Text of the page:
Zach J. seemed surprised, and immediately tried to get the moment back. It got kind of physical pretty quickly; he actually put his hand on her throat to try to guide her face back to him, and then her stomach, and I can see what he was trying to do there, but she clearly didn’t want it. There was some back and forth of Zach J. asking what happened, and Clare saying it’s fine. Zach J. really did get in her physical space, and at one point while Clare was talking, he put his hand behind her neck and tried pulling her toward him, which is a move I wish guys would just stop doing altogether. Clare clearly didn’t want any of that.
Back in her room, Clare says that Zach J. made her feel uncomfortable. She says she went in for the kiss, and he didn’t, and then when she tried to walk away, he grabbed her. It scared her, and she didn’t want to be near him. He should have let her walk away. She says she might be more sensitive about it because she’s been traumatized in the past, and has worked hard to heal from that, but in any case Zach J. shouldn’t have gotten so physically in her space like that.
Zach J. is sitting at a table set for two, alone, sweating bullets, maybe because it’s the desert and it’s hot, but also maybe because Clare hasn’t shown up yet. Instead, we get Chris Harrison, who tells Zach J. that Clare isn’t coming to dinner. Zach J. looks like he’s about to cry, and he says there was a misunderstanding. Chris tells Zach J. that he’s going home.
I’d really like to hear your take on this whole thing. Here’s mine: Do I think Zach J. intended to scare or intimidate Clare? No. Is it possible she wasn’t actually intimidated and is looking for a reason to send a guy who is not Dale home? Maybe. Do I think this is an example of a man thinking he’s acting appropriately when he actually isn’t, because society has constantly reinforced that guys have the right to take up whatever space they want without considering the impact on those around them? Yes.
Final Group Date: It’s a roast. Yes, a bunch of non-comedians will attempt to put on a roast. As Bachelor Nation knows, this hasn’t been a good idea in the past. At least this time we get Margaret Cho! Who Joe, the anesthesiologist, is genuinely excited to see! Joe says he’s Korean-American, and he’s known about Margaret Cho his whole life. She’s a legend, and he doesn’t want to let her down. Aw. I like Joe. I hope he doesn’t let her down either.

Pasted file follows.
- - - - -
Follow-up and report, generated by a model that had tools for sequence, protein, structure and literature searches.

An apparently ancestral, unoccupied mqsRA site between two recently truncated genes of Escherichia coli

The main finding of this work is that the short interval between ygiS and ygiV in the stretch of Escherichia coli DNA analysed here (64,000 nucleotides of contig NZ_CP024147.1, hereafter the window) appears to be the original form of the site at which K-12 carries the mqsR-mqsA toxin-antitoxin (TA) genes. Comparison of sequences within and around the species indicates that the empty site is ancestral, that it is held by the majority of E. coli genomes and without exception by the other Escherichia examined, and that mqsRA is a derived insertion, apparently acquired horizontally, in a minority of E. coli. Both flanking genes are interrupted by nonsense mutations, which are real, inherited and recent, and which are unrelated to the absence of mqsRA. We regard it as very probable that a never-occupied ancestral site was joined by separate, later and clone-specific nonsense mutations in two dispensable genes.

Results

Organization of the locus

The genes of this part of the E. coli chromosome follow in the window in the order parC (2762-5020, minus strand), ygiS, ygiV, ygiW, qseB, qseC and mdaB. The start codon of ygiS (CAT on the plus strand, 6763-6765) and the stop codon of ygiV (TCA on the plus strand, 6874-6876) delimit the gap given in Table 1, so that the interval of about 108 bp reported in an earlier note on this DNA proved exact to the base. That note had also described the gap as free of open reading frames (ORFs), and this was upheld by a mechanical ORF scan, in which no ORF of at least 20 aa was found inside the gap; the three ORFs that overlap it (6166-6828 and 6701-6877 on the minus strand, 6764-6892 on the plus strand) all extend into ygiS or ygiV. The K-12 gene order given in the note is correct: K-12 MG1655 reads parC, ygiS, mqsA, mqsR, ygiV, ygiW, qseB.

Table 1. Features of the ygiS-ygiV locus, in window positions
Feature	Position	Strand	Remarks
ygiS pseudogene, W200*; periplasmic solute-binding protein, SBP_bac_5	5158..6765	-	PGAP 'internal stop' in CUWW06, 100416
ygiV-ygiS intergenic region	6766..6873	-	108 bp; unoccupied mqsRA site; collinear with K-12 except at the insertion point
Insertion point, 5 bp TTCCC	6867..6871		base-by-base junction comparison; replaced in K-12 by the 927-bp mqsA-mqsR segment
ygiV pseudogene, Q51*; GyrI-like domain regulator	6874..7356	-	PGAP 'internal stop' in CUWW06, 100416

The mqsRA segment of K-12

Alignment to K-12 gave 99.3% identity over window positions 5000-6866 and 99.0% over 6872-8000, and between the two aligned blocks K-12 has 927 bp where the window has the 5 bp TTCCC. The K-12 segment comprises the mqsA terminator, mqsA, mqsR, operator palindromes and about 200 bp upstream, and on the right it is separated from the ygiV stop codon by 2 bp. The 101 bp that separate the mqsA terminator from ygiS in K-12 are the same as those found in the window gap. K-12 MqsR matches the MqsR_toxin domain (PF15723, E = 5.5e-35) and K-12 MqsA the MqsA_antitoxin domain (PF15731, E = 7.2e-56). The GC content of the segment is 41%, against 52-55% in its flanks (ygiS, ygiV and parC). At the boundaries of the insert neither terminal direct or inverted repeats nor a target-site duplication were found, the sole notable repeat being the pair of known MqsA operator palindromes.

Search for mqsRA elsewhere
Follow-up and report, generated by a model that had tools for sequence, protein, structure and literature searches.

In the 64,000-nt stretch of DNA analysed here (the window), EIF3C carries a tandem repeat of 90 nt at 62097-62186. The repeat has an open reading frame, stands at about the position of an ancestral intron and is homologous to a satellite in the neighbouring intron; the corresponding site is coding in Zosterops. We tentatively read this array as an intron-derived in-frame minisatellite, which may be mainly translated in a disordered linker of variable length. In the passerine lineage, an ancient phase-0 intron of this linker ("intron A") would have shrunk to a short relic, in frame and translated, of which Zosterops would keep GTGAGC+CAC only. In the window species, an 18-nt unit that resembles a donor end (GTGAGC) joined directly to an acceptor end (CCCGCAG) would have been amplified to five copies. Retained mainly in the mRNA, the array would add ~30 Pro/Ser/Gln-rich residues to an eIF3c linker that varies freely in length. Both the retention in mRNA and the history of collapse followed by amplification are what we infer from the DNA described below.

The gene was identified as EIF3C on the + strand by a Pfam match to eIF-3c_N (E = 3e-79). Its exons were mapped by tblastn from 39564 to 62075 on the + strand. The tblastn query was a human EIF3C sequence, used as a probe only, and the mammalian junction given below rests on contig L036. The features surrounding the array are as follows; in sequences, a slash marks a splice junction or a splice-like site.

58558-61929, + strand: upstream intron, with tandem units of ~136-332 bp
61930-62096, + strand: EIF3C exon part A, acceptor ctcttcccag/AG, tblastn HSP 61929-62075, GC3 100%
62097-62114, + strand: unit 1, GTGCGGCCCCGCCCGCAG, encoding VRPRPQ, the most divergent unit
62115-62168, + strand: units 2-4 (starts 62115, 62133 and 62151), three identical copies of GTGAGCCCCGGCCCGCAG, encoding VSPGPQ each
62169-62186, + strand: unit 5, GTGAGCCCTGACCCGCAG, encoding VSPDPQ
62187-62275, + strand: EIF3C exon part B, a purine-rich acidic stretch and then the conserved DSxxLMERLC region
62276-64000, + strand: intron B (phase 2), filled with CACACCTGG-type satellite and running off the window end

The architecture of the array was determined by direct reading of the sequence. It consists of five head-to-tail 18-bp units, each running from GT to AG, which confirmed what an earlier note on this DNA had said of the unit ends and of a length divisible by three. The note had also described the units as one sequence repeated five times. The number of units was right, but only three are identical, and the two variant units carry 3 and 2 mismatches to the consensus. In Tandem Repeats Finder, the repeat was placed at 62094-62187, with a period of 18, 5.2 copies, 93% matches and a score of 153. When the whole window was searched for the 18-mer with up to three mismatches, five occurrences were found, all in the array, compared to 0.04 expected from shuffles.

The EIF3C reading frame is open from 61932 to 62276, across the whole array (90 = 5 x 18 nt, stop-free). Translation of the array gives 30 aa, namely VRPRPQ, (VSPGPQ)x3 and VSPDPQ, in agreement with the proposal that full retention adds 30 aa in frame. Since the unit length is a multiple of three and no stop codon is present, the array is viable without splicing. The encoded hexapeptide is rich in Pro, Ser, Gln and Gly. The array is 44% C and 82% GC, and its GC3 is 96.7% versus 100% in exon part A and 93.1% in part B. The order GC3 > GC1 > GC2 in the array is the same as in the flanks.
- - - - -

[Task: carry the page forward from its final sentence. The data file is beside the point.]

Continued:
The guys say they are glad to be on a date that has nothing to do with Dale, and this is approximately 23 seconds of foreshadowing, because they are promptly told that a roast needs an audience, and that audience will be the guys not on the group date. Including Dale. This seems like the appropriate level of burn for a roast date.
The roast itself is an ongoing stream of jabs at Dale, or at least that’s what it’s edited to look like. Bennett — the loafer-wearing Harvard graduate — went after Dale especially hard, and Clare was increasingly uncomfortable. Eazy says it looked like Bennett really landed some of his verbal punches, and Riley praised Bennett for saying what the rest of the guys had been wanting to say. Clare looks increasingly troubled, and even Margaret Cho described Bennett’s roast as “hostile.”
Clare says that if some of the guys are picking up on the relationship between her and Dale, it’s because, well, she likes him: “That’s the whole point. Are you new here?”
Also Clare: “Hate on! Hate on. You can’t hate on love though.”
And here’s another reason why I like Clare: She delivers good lines that feel both prepared and sincere at the same time. Her lines are good for TV, but they also seem to carry some earned emotional weight behind them.
Post-roast, Eazy and Dale are talking. Eazy tells Dale he got burned, and Dale says he owns it, that he can see why he had it coming. In what was actually a pretty nice heart-to-heart, Eazy tells Dale that sometimes it feels like Dale doesn’t respect the other guys’ time, and he comes across as wanting to portray a persona, and that Dale should show more empathy. Dale says he’ll own it, but that he wants to move forward.
Back on the group date, Clare spends her one-on-one time with each guy essentially asking them to explain why they hate Dale. None of the guys like this, and maybe they should have thought a bit more strategically about it — like, if you don’t want to talk about Dale, don’t talk about Dale. I’m just saying, maybe if they hadn’t focused so much on Dale in their roasts, Clare wouldn’t want to talk about it on their date.
In the end, Clare gives us our eighth and final extremely awkward moment of the episode, when she gives the group date rose to … no one! She says that she did not get what she needed from the guys, and that she has a lot to think about, and she’ll see them tomorrow at the Rose Ceremony. As Clare walks away with a producer, we hear her say this: “I really don’t think I can sit there and go ‘You dished on my fiancé so hard,’ like, I can’t be doing that! Like it doesn’t feel right.”
Fiancé! She just referred to Dale as her fiancé. Wow.
In an interview, Clare gives the rose to herself, and delivers this truly amazing speech: “Clare, thank you for showing up tonight. I just want to let you know that I’m so proud of you for being bold, saying how you feel, speaking up, living your truth, and showing up for me. You, tonight, deserve this rose.”
The guys from the group date complain and complain and complain, and Kenny, the boy band manager from Chicago, says “If you want to get crazy, let’s get [forking] crazy,” and did he just try to do a version of the Dad from the movie Us?
So, this isn’t the episode where Clare “blows up” The Bachelorette. But it certainly feels like she’s lit the fuse.
Next week, on The Bachelorette: Tears! An anguished Clare! Some angry dudes! A very, very serious Chris Harrison saying she’s “blown up The Bachelorette.” And … TAYSHIA!
Programming note: ABC obviously isn’t going to air the next episode on Election Day, so the next Bachelorette episode is set to air next Thursday, Nov. 5.